Ben Howard: As with any tool, you’ll get out of it a proportionate amount to what you put back in. So, its worth understanding this because, it wasn’t until I wrote them down a few years ago, that I thought, “Oh it makes sense now.” So each task, or card, in Planner, can be assigned to a single bucket. So we can just say, each task is in a bucket. Now the default bucket is To Do, but buckets could be by function, e.g. sales, marketing, facilities, etc. You’ll see later on, I’m going to create a plan and it’s going to have some slightly different buckets. Each task, so it can belong to one bucket. It’s either sales or marketing. It’s not sales and marketing. Each task can also be assigned to multiple resources, and they’re known as assignees. So if you come from the Project world, that kind of makes sense, so two people can work on one task at the same time.

Ben Howard: We can assign a task to multiple labels. Now, at the moment, six labels are available. And I know there’s a question for Microsoft as to, how many labels would we want? And somebody went, “an infinite number”, and of course somebody will use an infinite number. But six are available at the moment, so if you’re going to use labels think about those. So that could be Customer Type, Market Segment… if we’re reopening an infant school in the U.K. we might have reception, year one, year two… I think that’s it for infants, so I might have the labels as being the year groups, etc.

Ben Howard: [inaudible 00:15:10] can have one four priorities- low, medium, high, or important. Again, this is a fairly recent addition. Those priorities, again, link up to the priorities in Outlook To Do tasks effectively. And so, Microsoft were always thinking about, what are the common data elements between here? We know have one of three progress values- not started, in progress, or completed. So don’t create buckets of To Do, started, and complete, because you’re just wasting some time there. We can have a start date, we can have a due date, and I’ll show you some things around there. And we can have notes, checklists, attachments, and comments for a Planner. For a planner plan too, you can create a lot of stuff for a planner plan.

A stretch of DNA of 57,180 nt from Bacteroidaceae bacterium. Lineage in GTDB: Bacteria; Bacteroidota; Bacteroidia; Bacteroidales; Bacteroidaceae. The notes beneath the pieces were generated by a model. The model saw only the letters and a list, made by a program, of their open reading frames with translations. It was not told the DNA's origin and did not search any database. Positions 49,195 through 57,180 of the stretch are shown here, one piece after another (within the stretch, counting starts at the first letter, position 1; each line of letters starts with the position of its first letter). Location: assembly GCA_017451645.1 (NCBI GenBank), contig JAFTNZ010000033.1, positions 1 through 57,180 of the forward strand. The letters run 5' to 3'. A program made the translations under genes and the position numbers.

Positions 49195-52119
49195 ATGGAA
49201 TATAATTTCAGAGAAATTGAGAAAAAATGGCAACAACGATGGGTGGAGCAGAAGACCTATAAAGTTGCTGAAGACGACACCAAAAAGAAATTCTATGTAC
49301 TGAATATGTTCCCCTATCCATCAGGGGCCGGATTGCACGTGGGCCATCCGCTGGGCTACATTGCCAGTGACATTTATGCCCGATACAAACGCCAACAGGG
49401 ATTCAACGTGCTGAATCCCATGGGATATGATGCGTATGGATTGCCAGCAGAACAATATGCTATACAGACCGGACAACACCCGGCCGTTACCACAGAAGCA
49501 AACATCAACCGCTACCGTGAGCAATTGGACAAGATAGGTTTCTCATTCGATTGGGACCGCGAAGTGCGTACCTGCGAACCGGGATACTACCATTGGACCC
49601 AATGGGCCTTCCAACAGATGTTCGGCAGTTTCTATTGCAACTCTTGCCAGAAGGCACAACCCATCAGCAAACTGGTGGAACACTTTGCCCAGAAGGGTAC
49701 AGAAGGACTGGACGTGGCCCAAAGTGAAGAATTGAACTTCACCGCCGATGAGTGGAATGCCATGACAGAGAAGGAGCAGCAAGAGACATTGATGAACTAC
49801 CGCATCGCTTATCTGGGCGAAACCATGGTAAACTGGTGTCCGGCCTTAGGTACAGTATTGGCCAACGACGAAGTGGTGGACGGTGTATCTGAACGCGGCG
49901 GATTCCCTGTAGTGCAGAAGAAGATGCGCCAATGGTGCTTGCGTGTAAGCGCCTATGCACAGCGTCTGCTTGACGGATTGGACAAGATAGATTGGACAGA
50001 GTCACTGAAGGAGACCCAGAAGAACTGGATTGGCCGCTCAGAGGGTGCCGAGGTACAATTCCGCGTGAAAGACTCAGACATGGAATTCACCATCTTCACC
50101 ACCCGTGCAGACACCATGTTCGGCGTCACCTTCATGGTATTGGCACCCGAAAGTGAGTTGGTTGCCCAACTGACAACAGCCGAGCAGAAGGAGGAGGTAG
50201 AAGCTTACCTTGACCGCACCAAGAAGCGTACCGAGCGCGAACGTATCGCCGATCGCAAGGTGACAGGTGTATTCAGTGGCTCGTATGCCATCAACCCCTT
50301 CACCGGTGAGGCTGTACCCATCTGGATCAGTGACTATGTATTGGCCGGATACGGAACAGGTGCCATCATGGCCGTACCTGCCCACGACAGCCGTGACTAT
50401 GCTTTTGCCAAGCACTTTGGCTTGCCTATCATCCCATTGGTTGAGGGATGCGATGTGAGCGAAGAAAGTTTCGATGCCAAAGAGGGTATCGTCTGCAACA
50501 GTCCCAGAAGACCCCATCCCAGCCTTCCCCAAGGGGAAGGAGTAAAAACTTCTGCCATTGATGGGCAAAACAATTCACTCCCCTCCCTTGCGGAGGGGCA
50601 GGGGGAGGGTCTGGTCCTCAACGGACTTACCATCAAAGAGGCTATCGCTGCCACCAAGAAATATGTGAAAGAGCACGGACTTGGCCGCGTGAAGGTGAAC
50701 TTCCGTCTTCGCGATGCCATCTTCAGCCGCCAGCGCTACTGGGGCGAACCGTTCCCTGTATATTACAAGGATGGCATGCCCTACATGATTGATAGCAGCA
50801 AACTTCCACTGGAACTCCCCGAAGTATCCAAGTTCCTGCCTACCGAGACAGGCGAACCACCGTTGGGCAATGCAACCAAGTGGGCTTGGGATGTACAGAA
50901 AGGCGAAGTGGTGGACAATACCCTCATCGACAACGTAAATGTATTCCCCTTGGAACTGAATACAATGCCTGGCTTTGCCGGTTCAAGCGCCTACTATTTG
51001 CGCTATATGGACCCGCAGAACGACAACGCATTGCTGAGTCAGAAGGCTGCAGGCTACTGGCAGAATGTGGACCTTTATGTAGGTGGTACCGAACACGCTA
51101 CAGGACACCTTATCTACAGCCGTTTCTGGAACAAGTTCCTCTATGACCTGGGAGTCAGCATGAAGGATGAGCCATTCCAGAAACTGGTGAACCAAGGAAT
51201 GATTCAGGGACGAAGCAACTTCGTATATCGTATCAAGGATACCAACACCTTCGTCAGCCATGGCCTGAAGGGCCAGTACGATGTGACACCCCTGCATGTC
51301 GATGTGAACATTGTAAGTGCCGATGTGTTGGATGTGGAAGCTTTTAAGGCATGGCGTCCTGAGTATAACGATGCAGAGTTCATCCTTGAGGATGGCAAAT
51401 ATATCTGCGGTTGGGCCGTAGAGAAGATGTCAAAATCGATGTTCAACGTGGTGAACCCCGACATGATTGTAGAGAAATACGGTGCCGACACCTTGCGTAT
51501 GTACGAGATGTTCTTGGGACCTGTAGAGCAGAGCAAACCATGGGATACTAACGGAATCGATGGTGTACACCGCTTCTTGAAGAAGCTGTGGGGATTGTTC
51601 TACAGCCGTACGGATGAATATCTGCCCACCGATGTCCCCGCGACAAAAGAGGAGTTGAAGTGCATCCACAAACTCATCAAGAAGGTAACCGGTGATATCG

Ben Howard: So, that’s for each particular task. If we think about groups, or planning for planner… Let’s just think about groups. All of this stuff is predicated on Office365 group structure. Okay? And that really, for me, should be when you start to roll out Teams and Planner, etc. That’s where you should begin to spend some initial time. So, does one group have multiple plans? You might have a senior leadership team, if they’re running multiple plans, etc. Do we have Teams installed? Are we rolling out the Teams at the same time? If we do, and we’re creating a new group, or a new plan, does the group already exist in Teams? Where do we create the plan from? Do we create it from within Teams or do we create it in Planner? SharePoint. Do I use SharePoint? Shall I use SharePoint to host the Planner app and some of the charting controls in Planner as well? To Do? Are people using To Do? Do we want to sync To Do, etc. And lastly, mobile devices. We got apps for To Do, Teams, and Planner, and I’ve shown you all of that, and it works. But, when you begin to roll this stuff out, please, please, please, provide some training around these mobile apps, yeah? Nobody was born knowing how to use Teams. We all had to learn it, and in truth, for me, it wasn’t as easy as it should have been. So, training is important.